Digital Disruption


The Newseum in Washington, D.C., just blocks from the Capitol, is a dazzling modernist palace dedicated to defending the free press and honoring the lofty profession of journalism. Its just opened "Digital Disruption" exhibition offers a timely and succinct account of how such platforms as Google and Twitter upended traditional media gatekeeping and enabled new voices and perspectives to engage broader audiences.

That's the positive; digital communications technologies also make it easier to spread disinformation, while hyperpartisan news sites exacerbate political and social divisions by confirming the biases of their readers and viewers.

But for all the good and the bad, this is the media world we mostly seem to want. Readers and advertisers have abandoned print for the web, with daily newspaper subscriptions more than halved over the last 35 years. Today, Facebook, Google, and YouTube get more advertising revenue than every newspaper, magazine, and radio network in the world combined.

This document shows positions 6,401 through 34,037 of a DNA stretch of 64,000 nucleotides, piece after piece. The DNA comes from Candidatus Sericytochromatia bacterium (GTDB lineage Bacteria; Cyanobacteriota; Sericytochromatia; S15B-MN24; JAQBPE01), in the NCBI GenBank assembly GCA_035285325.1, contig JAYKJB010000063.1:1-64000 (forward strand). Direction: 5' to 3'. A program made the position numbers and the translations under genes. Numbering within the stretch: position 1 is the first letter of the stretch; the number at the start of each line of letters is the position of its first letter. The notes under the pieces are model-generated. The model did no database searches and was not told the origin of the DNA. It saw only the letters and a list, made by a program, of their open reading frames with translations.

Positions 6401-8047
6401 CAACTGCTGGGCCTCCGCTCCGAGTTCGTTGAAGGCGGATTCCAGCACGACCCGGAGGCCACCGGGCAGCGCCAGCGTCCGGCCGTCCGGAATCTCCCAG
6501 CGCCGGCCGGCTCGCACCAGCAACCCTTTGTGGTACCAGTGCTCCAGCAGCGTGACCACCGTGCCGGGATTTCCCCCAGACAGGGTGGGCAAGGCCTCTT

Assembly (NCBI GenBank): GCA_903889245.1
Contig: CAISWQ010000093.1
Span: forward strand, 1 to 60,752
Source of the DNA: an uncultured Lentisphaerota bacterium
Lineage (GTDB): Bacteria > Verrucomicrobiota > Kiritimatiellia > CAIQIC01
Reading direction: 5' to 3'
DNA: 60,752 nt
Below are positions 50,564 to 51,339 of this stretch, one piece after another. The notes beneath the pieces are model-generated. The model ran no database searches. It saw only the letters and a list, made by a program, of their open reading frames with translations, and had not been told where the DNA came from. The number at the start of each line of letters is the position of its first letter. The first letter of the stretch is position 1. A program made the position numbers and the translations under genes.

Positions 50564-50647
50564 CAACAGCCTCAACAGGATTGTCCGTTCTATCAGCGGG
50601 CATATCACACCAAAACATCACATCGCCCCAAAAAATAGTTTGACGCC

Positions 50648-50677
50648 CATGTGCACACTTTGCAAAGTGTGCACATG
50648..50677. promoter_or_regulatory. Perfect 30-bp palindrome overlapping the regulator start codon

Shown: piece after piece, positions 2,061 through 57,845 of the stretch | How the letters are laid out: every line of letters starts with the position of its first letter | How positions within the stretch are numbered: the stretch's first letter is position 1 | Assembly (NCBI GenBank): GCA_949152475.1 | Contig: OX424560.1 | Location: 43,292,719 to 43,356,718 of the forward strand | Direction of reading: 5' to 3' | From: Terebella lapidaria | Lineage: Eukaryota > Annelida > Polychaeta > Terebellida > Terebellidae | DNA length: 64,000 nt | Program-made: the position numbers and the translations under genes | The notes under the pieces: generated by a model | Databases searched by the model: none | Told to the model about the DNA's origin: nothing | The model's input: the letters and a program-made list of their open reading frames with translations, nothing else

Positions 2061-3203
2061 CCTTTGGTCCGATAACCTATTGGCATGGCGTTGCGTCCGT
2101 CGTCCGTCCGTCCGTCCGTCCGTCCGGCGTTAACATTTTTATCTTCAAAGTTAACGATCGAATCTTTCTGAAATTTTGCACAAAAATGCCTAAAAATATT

The Newseum exhibition features five sections: the Internet Era, the Innovators, Social Media, the Disruptors, and Distortion. Various artifacts represent the transformation from old to new. These include media mogul Rupert Murdoch's phone with Fox News CEO Roger Ailes on speed dial, the Washington Post reporter David Fahrenthold's notebook detailing candidate Donald Trump's exaggerations of his charitable contributions, and the Guardian reporter Ben Jacobs' broken glasses from when he was body-slammed by 2017 Republican congressional candidate Greg Gianforte.